Wednesday, April 6, 2016


We tend to have many complaints against God. The Israelites also had their complaints, often accusing God of injustice:

  • “Yet the house of Israel says, 'The way of the Lord is not just.' O house of Israel, are my ways not just? Is it not your ways that are not just?” (Ezekiel 18:29; ESV)
What was the basis of Israel's complaint? They thought that God's ways were unfair. For example, God informed Israel:

  • “When a righteous person turns away from his righteousness and does injustice, he shall die for it; for the injustice that he has done he shall die. Again, when a wicked person turns away from the wickedness he has committed and does what is just and right, he shall save his life. Because he considered and turned away from all the transgressions that he had committed, he shall surely live; he shall not die.” (Ezekiel 18:26-28)
This revelation is revolutionary. We tend to think that our good works will be weighed against our evil works. If the good outweighs the evil, we will be rewarded. If the evil outweighs the good, we will be punished. Consequently, if our good is greater than our evil - and 98% are convinced that their account is favorable and therefore deserve only the best from God - we reason that we are entitled to play fast-and-loose for a bit.

However, God had warned Israel that when they trust in their own righteous account and sin, they are lost. Similarly, when the evildoer turns to God from a lifetime of evil, he will live!

According to human thinking, this is unjust. However, this charge is based upon a faulty assumption - that we can earn good from God through our good deeds. Instead, throughout the Bible, God warns that we can never be good enough to ever claim anything from God. Paul dismissed this understanding of human merit before God:

  • “Or who has given a gift to him that he might be repaid?” (Romans 11:35)
Of course, God would never be in the position of owing us anything. Instead, our entitlement presumptions had to be humbled:

  • “Now we know that whatever the law says it speaks to those who are under the law, so that every mouth may be stopped, and the whole world may be held accountable to God. For by works of the law no human being will be justified in his sight, since through the law comes knowledge of sin.” (Romans 3:19-20)
No one was righteous through their performance. Israel had wrongly thought that the law was given as a means to earn righteousness and to personally attain self-righteousness. However, it had been given for the opposite reason - to show Israel that they fell far short of attaining righteousness. In fact, anything less than moral perfection would damn them:

  • “Cursed be anyone who does not confirm the words of this law by doing them." (Deuteronomy 27:26)
Although we might find this offensive and unjust, this message of condemnation, nevertheless, is the consistent message of Scripture. Jesus therefore warned:

  • “But I say to you that everyone who is angry with his brother will be liable to judgment; whoever insults his brother will be liable to the council; and whoever says, 'You fool!' will be liable to the hell of fire.” (Matthew 5:22)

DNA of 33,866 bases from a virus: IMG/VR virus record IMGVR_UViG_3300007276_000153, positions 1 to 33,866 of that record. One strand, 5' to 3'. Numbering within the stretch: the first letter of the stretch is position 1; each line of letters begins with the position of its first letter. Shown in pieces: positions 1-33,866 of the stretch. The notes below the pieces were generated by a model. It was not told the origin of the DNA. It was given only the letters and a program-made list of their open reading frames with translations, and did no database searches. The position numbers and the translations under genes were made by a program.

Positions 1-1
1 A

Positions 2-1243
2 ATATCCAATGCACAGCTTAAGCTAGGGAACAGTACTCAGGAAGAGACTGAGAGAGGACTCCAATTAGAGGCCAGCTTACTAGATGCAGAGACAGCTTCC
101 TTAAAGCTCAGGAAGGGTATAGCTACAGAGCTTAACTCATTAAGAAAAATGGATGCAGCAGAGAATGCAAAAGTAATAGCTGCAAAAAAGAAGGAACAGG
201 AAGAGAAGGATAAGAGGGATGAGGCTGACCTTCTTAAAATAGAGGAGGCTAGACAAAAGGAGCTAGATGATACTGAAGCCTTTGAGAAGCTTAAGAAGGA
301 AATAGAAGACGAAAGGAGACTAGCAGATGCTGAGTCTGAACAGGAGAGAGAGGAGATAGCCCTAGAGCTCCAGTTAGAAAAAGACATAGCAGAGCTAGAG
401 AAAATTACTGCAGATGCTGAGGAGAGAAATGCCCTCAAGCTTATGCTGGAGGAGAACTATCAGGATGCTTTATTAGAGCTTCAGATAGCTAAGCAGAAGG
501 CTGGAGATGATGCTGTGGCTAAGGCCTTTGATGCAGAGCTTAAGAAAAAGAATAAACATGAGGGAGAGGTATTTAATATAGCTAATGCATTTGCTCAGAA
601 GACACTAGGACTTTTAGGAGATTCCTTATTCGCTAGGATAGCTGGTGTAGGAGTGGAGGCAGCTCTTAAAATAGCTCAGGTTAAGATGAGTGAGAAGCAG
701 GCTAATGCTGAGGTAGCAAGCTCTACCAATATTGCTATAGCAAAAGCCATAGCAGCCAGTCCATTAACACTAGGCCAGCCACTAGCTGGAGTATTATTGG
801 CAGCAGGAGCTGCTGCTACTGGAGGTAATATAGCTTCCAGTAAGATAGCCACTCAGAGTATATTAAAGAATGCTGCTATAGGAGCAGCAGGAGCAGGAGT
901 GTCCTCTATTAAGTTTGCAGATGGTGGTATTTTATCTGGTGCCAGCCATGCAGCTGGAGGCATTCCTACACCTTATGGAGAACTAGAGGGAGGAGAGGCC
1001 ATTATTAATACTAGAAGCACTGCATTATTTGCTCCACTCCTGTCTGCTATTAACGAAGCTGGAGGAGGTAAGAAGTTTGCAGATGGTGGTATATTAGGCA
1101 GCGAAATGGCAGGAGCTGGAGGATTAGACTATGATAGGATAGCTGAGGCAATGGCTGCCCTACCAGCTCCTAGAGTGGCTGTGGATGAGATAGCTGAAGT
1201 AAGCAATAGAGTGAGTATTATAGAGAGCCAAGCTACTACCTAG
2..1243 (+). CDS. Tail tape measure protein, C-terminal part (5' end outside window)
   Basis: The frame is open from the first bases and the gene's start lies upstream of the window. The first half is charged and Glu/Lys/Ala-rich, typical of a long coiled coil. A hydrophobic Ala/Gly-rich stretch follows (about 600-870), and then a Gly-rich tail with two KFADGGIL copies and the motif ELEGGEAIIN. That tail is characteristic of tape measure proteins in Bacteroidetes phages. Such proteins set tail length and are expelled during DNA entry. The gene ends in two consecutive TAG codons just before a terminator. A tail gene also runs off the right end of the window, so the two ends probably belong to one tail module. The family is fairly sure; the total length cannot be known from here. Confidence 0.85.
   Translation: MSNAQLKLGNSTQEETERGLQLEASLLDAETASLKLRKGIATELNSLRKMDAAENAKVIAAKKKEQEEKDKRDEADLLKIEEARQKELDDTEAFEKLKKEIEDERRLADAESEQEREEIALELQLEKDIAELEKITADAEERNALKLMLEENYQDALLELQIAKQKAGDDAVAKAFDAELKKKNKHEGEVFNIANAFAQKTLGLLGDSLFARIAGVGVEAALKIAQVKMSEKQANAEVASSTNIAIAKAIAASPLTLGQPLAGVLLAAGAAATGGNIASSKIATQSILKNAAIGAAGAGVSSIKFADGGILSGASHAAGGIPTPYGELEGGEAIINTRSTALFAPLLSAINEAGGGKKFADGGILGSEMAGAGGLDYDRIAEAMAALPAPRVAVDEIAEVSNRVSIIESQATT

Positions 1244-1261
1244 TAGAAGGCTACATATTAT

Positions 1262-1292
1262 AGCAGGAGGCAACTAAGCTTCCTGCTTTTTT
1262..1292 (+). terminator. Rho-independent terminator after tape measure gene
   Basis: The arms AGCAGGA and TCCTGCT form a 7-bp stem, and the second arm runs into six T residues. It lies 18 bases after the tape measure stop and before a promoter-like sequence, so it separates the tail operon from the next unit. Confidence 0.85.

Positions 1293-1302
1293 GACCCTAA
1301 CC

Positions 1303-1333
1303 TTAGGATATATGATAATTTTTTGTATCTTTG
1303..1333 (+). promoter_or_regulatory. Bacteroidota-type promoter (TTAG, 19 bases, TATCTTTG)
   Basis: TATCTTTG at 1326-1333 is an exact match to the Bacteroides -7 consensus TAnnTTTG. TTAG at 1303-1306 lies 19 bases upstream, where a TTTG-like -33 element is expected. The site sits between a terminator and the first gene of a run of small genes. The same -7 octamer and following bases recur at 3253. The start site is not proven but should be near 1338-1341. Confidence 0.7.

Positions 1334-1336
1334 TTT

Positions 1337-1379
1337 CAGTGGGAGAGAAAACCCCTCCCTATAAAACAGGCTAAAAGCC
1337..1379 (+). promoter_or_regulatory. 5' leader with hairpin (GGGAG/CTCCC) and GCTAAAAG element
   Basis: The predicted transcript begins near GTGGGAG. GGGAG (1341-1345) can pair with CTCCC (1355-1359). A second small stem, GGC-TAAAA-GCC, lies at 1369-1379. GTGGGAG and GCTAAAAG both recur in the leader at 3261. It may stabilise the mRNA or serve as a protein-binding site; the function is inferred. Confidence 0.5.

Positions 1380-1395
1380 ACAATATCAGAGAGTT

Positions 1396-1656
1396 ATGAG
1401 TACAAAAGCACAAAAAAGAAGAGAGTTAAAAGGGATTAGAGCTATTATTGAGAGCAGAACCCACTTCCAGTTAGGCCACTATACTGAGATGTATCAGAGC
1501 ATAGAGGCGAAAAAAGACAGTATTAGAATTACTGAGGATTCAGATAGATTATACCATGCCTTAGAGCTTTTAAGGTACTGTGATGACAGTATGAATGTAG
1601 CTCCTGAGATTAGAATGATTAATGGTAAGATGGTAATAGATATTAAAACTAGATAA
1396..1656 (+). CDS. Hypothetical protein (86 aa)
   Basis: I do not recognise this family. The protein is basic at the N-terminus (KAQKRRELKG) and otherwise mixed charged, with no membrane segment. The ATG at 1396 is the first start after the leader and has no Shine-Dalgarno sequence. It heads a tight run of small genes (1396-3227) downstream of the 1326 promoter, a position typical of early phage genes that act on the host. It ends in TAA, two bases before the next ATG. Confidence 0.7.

The smallest infraction could damn us. James therefore insisted:

  • For whoever keeps the whole law but fails in one point has become accountable for all of it.  (James 2:10)
The slightest sin would make us liable to punishment (Romans 6:23). Therefore, Israel's hope had to be in the mercy of God and not in their performance:

  • He does not deal with us according to our sins, nor repay us according to our iniquities. For as high as the heavens are above the earth, so great is his steadfast love toward those who fear him; as far as the east is from the west, so far does he remove our transgressions from us. As a father shows compassion to his children, so the Lord shows compassion to those who fear him. (Psalms 103:10-13)
It might not seem fair that God would damn us for a single sin, or that if a righteous man would turn from God in his last day on earth, he too would be damned. But consider this - if anyone was convinced that they their accumulated virtue entitled them to turn from God, it meant that they never knew a Him and that their self-righteousness had blinded them from the magnitude of their many sins. It also suggests that even from the start, they were trusting in themselves and not in the mercy of God. Instead, had they any awareness of their true moral status, they would have cried out for forgiveness and mercy.

Jesus’ parable illustrates this principle. A proud Pharisee and a broken sinner enter the Temple to pray. The Pharisee trusts in his own performance and prays accordingly:

  • “God, I thank you that I am not like other men, extortioners, unjust, adulterers, or even like this tax collector. I fast twice a week; I give tithes of all that I get.” (Luke 18:11-12)
There is no hint that the Pharisee didn’t perform these “righteous” acts. He probably did. However, he had been trusting in himself (Luke 18:9). Meanwhile, the sinner lacked this “assurance” and therefore prayed for God’s mercy alone. Jesus explained:

  • “I tell you, this man went down to his house justified, rather than the other. For everyone who exalts himself will be humbled, but the one who humbles himself will be exalted.” (Luke 18:14)
This is essentially God’s instructions to Ezekiel. Those who exalt themselves to think of themselves as worthy and consequently turn from trusting in God are damned, while those who know that they cannot trust in themselves and turn to God are forgiven.

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